Clare Douglas

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Clare Douglas is a British film editor who received a BAFTA Award for Best Editing for the 2006 film United 93. Douglas has worked extensively on British television, and she has been nominated four times for BAFTA Television Editing Awards.

Biography[edit]

After a degree in English and drama at Bristol University, Douglas entered a film program at Hornsey College of Art. She was a trainee at the BBC, and worked as an editor there on a range of documentaries and dramas. Her freelance career began when Dennis Potter asked her to leave and edit for his company.[1]

Bloody Sunday[edit]

In 2002 Douglas was nominated for a BAFTA Television Craft Award for the editing of Bloody Sunday, which was directed by Paul Greengrass. Bloody Sunday was honored by the Golden Bear award as best film at the Berlin International Film Festival. The editing of Bloody Sunday was noted in J. Hoberman's review; the film[2]

...cuts back and forth between the spirited Irish Catholics preparing to march through their republican neighborhood and the grim, gray-faced British command making plans to stop them. The nominal protagonist is Protestant MP and pacifist civil rights leader Ivan Cooper (James Nesbitt), who cheerfully orchestrates the march and then is overwhelmed by the unfolding catastrophe. All characters are encountered on the run. The movie is shot verité style as a detailed mass of hectic vignettes—jagged jump cuts, sudden blackouts, overlapping everything. The "you are there" faux combat photography, a sequence that runs nearly three-quarters of an hour, is as remarkable in its staging as Black Hawk Down's, except that Bloody Sunday was shot largely on 16mm, Greengrass is frequently closer to the action, and here, for the most part, the victims are unarmed civilians.

The editing of Black Hawk Down (2001) had just won Pietro Scalia an Academy Award when Hoberman was writing his review. In a similar vein, Tor Thorsen wrote:[3]

Using innovative editing and ultra-verité camerawork, Greengrass also ratchets up the tension to almost unbearable levels. Few films have captured the chaos of an urban conflagration with such fury, and audience members will leave feeling as shaken as Nesbitt's Cooper looks when the bullets stop flying. With his hangdog features looking more sullen than should be humanly possible, he prophetically tells reporters that, "The British army couldn't have handed the IRA a bigger victory than they did here today." Sadly, the next 25 years of bloodshed proved him right.

United 93[edit]

United 93 was directed by Paul Greengrass, and was edited by Douglas, Christopher Rouse, and Richard Pearson. The use of three editors for the film was dictated by its short production period, which was less than six months between the start of filming and release of the film.[4] Greengrass and Douglas had worked together quite successfully on the film Bloody Sunday (2002); Greengrass, Rouse, and Pearson had just edited The Bourne Supremacy (2004). Despite the accelerated production schedule for United 93, the editing was very successful. In addition to the BAFTA award, the editors were also nominated for an Academy Award for Film Editing and for an ACE Eddie award. Ellen Feldman has written an analysis of the film's editing.[5][6]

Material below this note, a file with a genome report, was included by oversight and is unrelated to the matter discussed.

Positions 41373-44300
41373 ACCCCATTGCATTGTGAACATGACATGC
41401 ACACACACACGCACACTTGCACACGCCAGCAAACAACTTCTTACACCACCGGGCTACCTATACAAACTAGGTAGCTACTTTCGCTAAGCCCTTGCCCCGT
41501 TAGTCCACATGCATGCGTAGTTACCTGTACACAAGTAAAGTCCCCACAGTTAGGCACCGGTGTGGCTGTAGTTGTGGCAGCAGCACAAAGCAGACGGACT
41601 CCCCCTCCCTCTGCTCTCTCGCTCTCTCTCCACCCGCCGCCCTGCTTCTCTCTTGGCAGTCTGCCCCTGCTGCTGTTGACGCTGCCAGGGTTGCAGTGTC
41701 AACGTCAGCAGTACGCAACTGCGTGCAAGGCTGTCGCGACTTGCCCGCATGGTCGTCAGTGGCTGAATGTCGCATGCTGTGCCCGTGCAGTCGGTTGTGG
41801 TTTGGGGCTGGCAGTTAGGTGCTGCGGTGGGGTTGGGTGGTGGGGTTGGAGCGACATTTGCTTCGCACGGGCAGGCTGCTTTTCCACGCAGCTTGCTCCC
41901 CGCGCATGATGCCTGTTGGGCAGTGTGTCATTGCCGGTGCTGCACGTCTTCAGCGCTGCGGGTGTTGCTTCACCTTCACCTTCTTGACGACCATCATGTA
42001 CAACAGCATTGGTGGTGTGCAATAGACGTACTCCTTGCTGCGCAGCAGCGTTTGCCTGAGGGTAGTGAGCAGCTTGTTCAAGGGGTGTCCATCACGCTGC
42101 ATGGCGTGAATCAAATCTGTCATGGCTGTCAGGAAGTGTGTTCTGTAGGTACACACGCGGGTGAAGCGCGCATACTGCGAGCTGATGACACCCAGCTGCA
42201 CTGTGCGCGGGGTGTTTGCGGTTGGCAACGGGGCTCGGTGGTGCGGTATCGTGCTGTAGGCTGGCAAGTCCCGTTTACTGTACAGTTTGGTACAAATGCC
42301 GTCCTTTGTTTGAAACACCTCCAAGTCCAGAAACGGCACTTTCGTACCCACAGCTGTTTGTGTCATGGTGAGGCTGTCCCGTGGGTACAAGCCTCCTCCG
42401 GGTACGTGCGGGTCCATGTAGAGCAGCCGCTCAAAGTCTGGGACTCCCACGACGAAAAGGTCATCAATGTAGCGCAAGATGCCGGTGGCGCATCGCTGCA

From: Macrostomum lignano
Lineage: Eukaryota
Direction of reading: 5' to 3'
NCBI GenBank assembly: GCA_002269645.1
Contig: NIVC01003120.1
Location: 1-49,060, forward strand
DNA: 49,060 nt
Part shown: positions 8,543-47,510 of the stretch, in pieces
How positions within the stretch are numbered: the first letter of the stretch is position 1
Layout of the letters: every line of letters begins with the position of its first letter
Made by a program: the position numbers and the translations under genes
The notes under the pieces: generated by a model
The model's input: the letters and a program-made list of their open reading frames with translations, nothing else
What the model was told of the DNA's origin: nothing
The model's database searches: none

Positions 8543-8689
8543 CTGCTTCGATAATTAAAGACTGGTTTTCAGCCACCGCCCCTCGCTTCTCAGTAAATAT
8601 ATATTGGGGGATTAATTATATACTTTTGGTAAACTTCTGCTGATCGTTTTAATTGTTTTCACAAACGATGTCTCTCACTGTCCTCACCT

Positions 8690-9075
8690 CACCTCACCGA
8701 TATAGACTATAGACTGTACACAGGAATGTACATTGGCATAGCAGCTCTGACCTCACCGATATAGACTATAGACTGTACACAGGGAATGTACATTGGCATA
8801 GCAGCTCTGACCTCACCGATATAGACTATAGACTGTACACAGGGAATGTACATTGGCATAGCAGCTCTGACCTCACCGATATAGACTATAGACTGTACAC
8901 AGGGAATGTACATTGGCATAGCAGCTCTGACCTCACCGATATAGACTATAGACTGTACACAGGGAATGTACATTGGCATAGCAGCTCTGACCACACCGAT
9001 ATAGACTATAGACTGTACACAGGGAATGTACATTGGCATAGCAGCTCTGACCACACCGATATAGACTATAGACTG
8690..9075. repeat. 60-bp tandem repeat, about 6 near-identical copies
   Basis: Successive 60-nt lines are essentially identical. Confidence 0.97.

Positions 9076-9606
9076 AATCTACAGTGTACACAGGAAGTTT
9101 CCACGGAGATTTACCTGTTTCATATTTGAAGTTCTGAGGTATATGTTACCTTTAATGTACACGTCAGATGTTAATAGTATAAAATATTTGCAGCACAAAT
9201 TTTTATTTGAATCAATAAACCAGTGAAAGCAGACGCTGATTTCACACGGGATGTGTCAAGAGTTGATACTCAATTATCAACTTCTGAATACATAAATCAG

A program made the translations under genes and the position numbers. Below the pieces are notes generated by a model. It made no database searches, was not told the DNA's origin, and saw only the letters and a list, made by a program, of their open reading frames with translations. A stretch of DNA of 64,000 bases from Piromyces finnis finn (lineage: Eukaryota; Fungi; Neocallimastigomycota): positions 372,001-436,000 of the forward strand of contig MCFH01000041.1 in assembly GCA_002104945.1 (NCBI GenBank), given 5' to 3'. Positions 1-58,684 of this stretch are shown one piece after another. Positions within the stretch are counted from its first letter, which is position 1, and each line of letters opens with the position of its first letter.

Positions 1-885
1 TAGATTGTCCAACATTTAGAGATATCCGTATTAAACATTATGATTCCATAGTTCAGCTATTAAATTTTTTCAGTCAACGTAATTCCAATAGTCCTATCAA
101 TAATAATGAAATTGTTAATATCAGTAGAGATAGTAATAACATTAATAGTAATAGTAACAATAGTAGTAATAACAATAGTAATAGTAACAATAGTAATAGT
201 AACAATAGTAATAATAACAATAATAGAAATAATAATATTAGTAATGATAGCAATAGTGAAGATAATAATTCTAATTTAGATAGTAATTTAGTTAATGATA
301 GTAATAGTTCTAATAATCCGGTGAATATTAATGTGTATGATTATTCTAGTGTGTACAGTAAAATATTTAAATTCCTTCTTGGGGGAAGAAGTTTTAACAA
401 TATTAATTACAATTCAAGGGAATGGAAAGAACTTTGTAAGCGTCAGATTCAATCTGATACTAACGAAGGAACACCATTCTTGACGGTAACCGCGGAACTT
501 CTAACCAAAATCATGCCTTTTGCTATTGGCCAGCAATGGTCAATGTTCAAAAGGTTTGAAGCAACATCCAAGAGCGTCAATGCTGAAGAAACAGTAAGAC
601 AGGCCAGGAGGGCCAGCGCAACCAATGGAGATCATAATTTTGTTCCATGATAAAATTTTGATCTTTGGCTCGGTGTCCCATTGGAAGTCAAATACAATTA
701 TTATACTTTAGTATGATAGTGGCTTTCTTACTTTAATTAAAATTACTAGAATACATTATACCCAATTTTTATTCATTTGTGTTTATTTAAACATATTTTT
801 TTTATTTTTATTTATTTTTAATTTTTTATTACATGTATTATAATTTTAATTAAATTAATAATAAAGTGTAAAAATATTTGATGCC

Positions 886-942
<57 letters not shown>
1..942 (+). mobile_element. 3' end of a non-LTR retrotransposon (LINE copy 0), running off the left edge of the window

The Lost Prince and the le Carré Miniseries[edit]

Douglas' most recent BAFTA television nomination was for editing The Lost Prince (2003), which was written and directed by Stephen Poliakoff; The Lost Prince won a Primetime Emmy Award for Outstanding Miniseries.

Much earlier, Douglas had been nominated twice as best editor for two miniseries based on John le Carré's espionage novels Tinker, Tailor, Soldier, Spy (directed by John Irvin-1979) and Smiley's People, (1982 - directed by Simon Langton). Douglas also edited a third miniseries based on le Carré's novel A Perfect Spy (directed by Peter Smith - 1987).

Selected filmography[edit]

Director indicated in parenthesis.

References[edit]

  1. ^ Redhead, Mark; Nesbitt, James (2002). "Bloody Sunday". filmhisgouda.nl. Archived from the original (PDF) on 2010-07-24. 
  2. ^ Hoberman, J. (2002). "Collision Courses", The Village Voice, October 1, 2002. Online version retrieved April 19, 2008.
  3. ^ Thorsen, Tor (October 3, 2002). "Bloody Sunday". reel.com. Archived from the original on 2004-04-17. Retrieved 2008-04-19.  Thorsen neglects the contributions of the film's editor in favor of its director when discussing its editing.
  4. ^ Wood, Jennifer M. (2007). "One Day in September", interview with Christopher Rouse in Moviemaker, February 3, 2007; online version retrieved April 18, 2008.
  5. ^ Feldman, Ellen (2007). "Art of Editing Corner: United 93 (Part 1)", Avid Technology webpage archived at WebCite from this original URL on 2008-04-19.
  6. ^ Feldman, Ellen (2007). "Art of Editing Corner: United 93 (Part 2)", Avid Technology webpage archived at WebCite from this original URL on 2008-04-19.

External links[edit]